If you take the two metal projectiles, both optimized for the velocity they will be driven to and one weighs 127grains and the other weighs 155grains. We will start with projectile A, projectile A is 9mm and travels @ a velocity of 1,220fps from your barrel/gun combo. With a barrel swap in your pistol, you can use projectile B, projectile B is .40 S&W and it travels @ 1,200fps from said caliber/pistol combo.
Pistol B achieves this with an increase in recoil momentum measured at 6lbs for example. You will need 5 rounds to defend yourself all on target in a 4" group in less than two seconds. You can achieve a reduction in felt recoil of 30lbs in 2 seconds and you remember that your pistol was in fact first designed and offered for the Austrian army pistol trials in 9mm, then when the market “exploded” in the USA, your pistol was quickly bored out, given an extractor tweak and shipped as a .40. When it was designed for the 9mm round, it met the minimum service accuracy requirement that it achieves 1.5" groups @ 25 yards with your chosen ammo. As noted, after some early frame breakages the retrofit was reexamined and a an extra locking pin was inserted into the frame of pistol B, given that pistol B was a redesign from the factory, it achieves 2.2" groups from the factory.
One other factor is that the .40ammo costs you $1.50 more per box for FMJ practice ammo.
Change the environment now, you live in a rural area and you are in fact a patrol officer, just you and a 90 mile stretch of road. The last two shootings your agency had were at ranges of 26 and 120 yards when your officer came under fire from drug smugglers crossing through the desert lanes of your county. You are restricted to a Glock pistol in 9mm or .40 with either 15 or 17 rd magazines; you are issued a Winchester .12 gauge model 1300 defender with reduced recoil 00 buckshot only. You are deciding between pistols your choices are pistol A the 9mm that fires the above round with a ballistic coefficient of 0.143, you know that it delivers 341 ft-lb of energy @ 100 yards and it shoots to 3.6" of point of aim @ that distance. You will be issued two spare magazines with one fully loaded and you may "top off" your pistol for a total of 52rds.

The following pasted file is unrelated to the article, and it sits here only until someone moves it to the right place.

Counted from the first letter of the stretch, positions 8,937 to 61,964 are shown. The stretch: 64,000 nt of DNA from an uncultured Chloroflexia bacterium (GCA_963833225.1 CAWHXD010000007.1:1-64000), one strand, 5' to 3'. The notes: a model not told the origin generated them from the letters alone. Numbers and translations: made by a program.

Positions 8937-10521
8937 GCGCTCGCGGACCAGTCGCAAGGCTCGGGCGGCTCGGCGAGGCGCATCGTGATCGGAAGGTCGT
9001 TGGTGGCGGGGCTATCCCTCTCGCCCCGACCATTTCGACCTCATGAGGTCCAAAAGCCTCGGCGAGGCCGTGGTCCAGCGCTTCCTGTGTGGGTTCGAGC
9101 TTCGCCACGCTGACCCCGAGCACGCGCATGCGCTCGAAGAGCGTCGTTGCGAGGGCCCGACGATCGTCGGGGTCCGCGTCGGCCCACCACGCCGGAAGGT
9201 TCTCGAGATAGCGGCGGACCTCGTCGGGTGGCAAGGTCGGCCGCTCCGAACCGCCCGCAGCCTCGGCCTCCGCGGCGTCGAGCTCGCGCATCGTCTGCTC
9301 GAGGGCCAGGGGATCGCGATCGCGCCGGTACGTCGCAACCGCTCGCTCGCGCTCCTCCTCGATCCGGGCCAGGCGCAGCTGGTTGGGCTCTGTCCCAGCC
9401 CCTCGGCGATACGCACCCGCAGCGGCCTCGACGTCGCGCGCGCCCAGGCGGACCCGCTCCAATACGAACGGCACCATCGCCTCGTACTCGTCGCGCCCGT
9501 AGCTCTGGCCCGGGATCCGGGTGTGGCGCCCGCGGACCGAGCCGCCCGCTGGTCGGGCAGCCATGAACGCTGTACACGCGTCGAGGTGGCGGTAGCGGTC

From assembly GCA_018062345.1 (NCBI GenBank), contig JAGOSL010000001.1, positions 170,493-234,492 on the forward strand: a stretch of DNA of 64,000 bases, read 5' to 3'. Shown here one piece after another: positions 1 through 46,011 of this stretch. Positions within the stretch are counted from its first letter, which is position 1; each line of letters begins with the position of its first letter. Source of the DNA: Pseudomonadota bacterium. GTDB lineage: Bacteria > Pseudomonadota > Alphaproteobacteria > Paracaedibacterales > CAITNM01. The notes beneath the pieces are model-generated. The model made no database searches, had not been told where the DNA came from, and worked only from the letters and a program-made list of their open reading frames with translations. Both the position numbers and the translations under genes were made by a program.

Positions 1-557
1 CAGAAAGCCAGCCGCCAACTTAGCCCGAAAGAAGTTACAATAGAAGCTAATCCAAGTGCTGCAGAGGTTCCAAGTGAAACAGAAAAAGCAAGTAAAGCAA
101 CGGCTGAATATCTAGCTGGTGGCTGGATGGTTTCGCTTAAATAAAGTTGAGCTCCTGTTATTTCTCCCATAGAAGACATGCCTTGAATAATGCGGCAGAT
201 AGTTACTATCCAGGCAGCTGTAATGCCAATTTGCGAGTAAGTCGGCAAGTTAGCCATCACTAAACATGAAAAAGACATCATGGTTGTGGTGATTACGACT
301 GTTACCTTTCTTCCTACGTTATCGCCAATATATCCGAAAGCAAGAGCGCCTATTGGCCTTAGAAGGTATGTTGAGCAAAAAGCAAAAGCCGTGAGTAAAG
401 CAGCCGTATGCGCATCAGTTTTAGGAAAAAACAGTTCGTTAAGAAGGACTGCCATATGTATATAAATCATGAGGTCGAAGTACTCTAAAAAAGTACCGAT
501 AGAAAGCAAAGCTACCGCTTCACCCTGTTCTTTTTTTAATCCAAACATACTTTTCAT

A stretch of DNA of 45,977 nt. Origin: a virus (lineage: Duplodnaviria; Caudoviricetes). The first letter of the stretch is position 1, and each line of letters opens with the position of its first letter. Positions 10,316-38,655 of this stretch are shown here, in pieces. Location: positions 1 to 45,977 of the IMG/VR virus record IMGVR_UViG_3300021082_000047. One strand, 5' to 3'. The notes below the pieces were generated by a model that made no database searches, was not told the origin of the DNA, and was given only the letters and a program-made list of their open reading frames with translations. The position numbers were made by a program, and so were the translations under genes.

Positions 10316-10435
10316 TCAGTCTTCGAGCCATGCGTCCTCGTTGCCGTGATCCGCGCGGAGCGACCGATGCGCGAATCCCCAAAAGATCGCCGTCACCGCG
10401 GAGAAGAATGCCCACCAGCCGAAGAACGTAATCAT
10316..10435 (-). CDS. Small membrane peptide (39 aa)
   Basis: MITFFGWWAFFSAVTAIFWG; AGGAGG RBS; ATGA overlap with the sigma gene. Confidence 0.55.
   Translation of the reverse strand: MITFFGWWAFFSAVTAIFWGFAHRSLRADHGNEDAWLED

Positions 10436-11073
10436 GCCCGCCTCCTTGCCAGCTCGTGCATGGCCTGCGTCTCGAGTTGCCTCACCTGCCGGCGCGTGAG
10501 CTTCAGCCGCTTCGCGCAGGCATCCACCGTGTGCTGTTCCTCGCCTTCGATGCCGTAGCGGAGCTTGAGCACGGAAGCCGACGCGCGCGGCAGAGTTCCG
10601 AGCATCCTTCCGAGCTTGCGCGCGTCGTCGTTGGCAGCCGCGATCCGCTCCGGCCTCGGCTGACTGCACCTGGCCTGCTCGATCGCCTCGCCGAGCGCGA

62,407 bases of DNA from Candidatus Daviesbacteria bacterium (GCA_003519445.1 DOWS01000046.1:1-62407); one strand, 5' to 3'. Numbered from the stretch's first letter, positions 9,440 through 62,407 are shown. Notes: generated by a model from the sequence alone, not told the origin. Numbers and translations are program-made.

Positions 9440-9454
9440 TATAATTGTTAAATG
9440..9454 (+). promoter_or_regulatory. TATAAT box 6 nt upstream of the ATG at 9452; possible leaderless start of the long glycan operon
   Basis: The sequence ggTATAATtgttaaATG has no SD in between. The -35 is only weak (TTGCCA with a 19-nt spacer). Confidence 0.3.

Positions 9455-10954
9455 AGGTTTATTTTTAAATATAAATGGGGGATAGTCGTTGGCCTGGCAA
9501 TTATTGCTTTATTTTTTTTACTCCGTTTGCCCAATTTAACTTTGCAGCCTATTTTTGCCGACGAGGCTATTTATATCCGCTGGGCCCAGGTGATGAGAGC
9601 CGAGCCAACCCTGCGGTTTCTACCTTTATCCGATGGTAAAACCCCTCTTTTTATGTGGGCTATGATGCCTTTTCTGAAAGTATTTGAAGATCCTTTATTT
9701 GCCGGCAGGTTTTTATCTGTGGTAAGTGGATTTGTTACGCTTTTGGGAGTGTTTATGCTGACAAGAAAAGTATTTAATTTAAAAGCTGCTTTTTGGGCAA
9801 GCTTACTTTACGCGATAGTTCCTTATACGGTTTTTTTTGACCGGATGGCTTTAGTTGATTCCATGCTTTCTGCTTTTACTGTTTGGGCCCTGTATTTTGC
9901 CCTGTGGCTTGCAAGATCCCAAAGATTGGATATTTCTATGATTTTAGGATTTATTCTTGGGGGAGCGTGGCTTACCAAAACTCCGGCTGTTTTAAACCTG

You have pistol B that fires the above round with a ballistic of 0.165, you know it shoots to 4.0" of point of aim @ 100 yards and it delivers 357 ft-lb of energy. You will be issued two spare magazines with one fully loaded and you may "top off" your pistol for a total of 46rds.
You are expressly prohibited from carrying a second gun and you know that the last shooting was in fact 120 yards and backup is 15-20 minutes away.
Which pistol are you going to choose? What pistol really offers you a true ballistic and tactical advantage? What pistol offers you a true mathematical advantage?